Sunday, May 15, 2011

Tangier: rich history & modern intrigue

To be honest, before this month, I don't know what I would have said if you had asked me what country Tangier was in, but now as I learn more about Moroccan history, Tangier has proven to be a fascinating and cosmopolitan city for centuries.

Located at the Western entrance of the Strait of Gibraltar, which accounts for it's rich history which spawned from its Berber and Phoenician origins in the early 5th century. Tangier was part of the Carthaginian Republic (remember my blog post last month about the famous Carthaginian leader, Hannibal, and his trek across the Alps?).  Tangier's ancient history references numerous rulers throughout time, including the Roman Empire, various North African dynasties and Arab Caliphates.  The Portuguese occupied Tangiers for about 200 years (with a brief interlude of Spanish rule), before it was given to the English as part of a dowry in 1661.  Less than 25 years later, and after the unsuccessful attempt of Sultan Moulay Ismail to seize power in the area, the English destroyed the town and its port before returning home. Moulay Ismail attempted to reconstruct the town, but the population declined as many left for nearby cities.

By the late 19th century, Tangier increasingly became an important as a commercial and diplomatic center.  European intellectuals and artists began spending time in Morocco, including the notable French Romantic painter Eugene Delacroix.

Delacroix. Sultan of Morocco. 1845
Eugene Delacroix, the beloved French Romantic painter, visited Spain and North Africa in for six months in 1832, shortly after the French conquered Algeria.   Delacroix was fascinated by the character and attire of the Moroccans, which inspired him as found them visually reminiscent of classical Greek and Roman civilizations.   In the painting above, check out the wrapped garments of the Moroccans - very similar to the draping mantles and togas we are used to from Neoclassical paintings, huh? Even the recognizable Fezzes worn by many of the men in the crowd at a quick glance can remind us of Roman helmets, which we often see with plumage of a similar reddish color. The city's protective walls also harken back to the fortifications of antiquity. Delacroix found scenes of daily life in Tangier particularly inspirational, especially as he was unable to find many Moroccan women willing to be models due to the pervasive moral code rooted in Islamic belief.   Morocco's wildlife also inspired Delacroix, as he found animals a fitting Romantic symbol of passion.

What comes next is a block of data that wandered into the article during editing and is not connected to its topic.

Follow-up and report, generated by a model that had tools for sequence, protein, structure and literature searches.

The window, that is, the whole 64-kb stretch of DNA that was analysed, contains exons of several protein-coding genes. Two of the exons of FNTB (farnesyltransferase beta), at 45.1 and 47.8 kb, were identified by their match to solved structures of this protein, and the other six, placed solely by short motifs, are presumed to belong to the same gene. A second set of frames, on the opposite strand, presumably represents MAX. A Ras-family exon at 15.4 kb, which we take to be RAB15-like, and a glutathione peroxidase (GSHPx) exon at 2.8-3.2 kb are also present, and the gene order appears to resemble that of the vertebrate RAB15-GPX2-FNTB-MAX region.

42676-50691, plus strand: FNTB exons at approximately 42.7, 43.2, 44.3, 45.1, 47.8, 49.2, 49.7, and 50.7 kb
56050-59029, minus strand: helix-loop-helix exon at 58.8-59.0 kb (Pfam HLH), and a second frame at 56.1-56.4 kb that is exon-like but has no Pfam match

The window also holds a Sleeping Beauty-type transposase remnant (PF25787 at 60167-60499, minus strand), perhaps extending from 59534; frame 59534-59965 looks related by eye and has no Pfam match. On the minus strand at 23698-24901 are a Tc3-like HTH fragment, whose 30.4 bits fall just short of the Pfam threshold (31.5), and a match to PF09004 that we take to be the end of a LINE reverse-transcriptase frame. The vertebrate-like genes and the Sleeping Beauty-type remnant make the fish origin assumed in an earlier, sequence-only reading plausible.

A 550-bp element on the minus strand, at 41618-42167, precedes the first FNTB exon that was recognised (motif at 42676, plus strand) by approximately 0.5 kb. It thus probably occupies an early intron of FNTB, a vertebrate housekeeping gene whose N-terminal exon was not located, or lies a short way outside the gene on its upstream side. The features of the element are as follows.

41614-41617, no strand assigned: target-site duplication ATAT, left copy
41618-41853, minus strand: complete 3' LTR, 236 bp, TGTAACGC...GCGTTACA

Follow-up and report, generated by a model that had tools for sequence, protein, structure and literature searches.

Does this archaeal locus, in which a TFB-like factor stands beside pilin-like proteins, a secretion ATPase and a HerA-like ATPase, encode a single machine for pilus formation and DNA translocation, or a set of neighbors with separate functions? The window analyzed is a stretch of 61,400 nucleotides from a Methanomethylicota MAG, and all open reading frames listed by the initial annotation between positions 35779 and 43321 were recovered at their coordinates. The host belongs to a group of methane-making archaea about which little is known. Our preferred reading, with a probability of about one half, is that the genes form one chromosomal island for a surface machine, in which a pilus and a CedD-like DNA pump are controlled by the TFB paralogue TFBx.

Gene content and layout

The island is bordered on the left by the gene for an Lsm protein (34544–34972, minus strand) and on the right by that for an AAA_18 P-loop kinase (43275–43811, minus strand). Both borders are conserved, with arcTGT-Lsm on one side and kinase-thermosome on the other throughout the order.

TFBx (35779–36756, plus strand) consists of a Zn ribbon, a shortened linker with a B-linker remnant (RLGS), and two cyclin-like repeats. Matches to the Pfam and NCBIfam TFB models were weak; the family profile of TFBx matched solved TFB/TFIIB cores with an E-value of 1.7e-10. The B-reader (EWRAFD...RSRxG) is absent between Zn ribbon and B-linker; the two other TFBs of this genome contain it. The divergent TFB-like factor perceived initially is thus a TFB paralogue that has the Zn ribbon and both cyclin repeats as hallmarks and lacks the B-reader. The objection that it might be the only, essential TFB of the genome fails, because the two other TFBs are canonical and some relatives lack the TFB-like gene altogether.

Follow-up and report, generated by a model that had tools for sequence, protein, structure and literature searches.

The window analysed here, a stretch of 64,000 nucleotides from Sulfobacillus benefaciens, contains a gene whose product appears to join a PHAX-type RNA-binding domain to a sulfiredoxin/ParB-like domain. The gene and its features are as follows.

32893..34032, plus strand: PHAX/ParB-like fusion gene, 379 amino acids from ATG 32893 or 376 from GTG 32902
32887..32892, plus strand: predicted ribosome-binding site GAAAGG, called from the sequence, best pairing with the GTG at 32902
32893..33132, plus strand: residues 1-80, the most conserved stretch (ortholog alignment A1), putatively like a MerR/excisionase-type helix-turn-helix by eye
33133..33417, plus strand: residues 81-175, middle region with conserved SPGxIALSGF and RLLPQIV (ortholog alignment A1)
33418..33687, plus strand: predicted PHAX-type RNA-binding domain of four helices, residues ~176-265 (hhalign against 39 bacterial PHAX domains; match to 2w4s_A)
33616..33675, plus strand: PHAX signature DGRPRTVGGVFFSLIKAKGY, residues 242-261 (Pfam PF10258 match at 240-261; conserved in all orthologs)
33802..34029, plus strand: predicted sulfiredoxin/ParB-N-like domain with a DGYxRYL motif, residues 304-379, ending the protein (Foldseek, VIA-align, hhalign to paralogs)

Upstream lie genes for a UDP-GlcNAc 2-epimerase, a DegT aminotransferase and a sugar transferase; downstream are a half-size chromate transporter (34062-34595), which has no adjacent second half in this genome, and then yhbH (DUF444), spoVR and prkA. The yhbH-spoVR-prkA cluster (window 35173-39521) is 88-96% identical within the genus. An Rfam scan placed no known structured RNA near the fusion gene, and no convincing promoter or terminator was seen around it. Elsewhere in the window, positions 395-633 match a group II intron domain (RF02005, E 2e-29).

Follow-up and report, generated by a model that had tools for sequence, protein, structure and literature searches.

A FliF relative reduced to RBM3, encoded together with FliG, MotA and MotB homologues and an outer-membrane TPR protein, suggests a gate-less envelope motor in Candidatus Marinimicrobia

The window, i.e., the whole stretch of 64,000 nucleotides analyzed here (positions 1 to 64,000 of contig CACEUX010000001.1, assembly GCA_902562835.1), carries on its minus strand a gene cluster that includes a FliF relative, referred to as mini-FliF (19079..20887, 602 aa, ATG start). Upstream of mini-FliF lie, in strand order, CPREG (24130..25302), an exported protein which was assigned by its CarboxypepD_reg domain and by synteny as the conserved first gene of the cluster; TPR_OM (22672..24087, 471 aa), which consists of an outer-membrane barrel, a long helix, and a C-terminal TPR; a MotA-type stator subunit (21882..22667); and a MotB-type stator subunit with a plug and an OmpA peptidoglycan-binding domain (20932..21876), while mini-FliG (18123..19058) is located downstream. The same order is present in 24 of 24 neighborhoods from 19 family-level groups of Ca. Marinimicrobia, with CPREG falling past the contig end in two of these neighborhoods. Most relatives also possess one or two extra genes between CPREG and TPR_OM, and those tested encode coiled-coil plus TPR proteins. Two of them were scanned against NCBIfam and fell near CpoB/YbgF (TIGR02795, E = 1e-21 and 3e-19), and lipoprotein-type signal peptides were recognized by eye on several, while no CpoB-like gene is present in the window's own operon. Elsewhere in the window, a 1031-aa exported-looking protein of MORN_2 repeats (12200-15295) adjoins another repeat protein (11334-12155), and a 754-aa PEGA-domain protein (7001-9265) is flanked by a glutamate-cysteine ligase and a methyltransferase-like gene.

Delacroix. Arab Horses Fighting in a Stable.   1860

Spain and France vied for control of Morocco, and in 1923 Tangier was made an international zone under the joint control of both countries as well and Great Britain.  A few years later,  several other countries also adhered to the international convention: Italy, Portugal, Belgium and the Netherlands.  Upon restoration of Moroccan sovereignty in 1956,  Tangier came under national rule.

During the last two decades of the international zone, Tangier became a notable meeting point for secret agents,  an exotic playground for millionaires, and was known for its international community of writers, including Tennessee Williams, Alan Ginsburg, and Jack Kerouac.

Tangier became a frequent setting for spy novels and movies of the 1950s and 60s.


  1. How would Tangiers be described today? Has any part of it conformed to a modern cosmopolitan profile (European or Arabic)?

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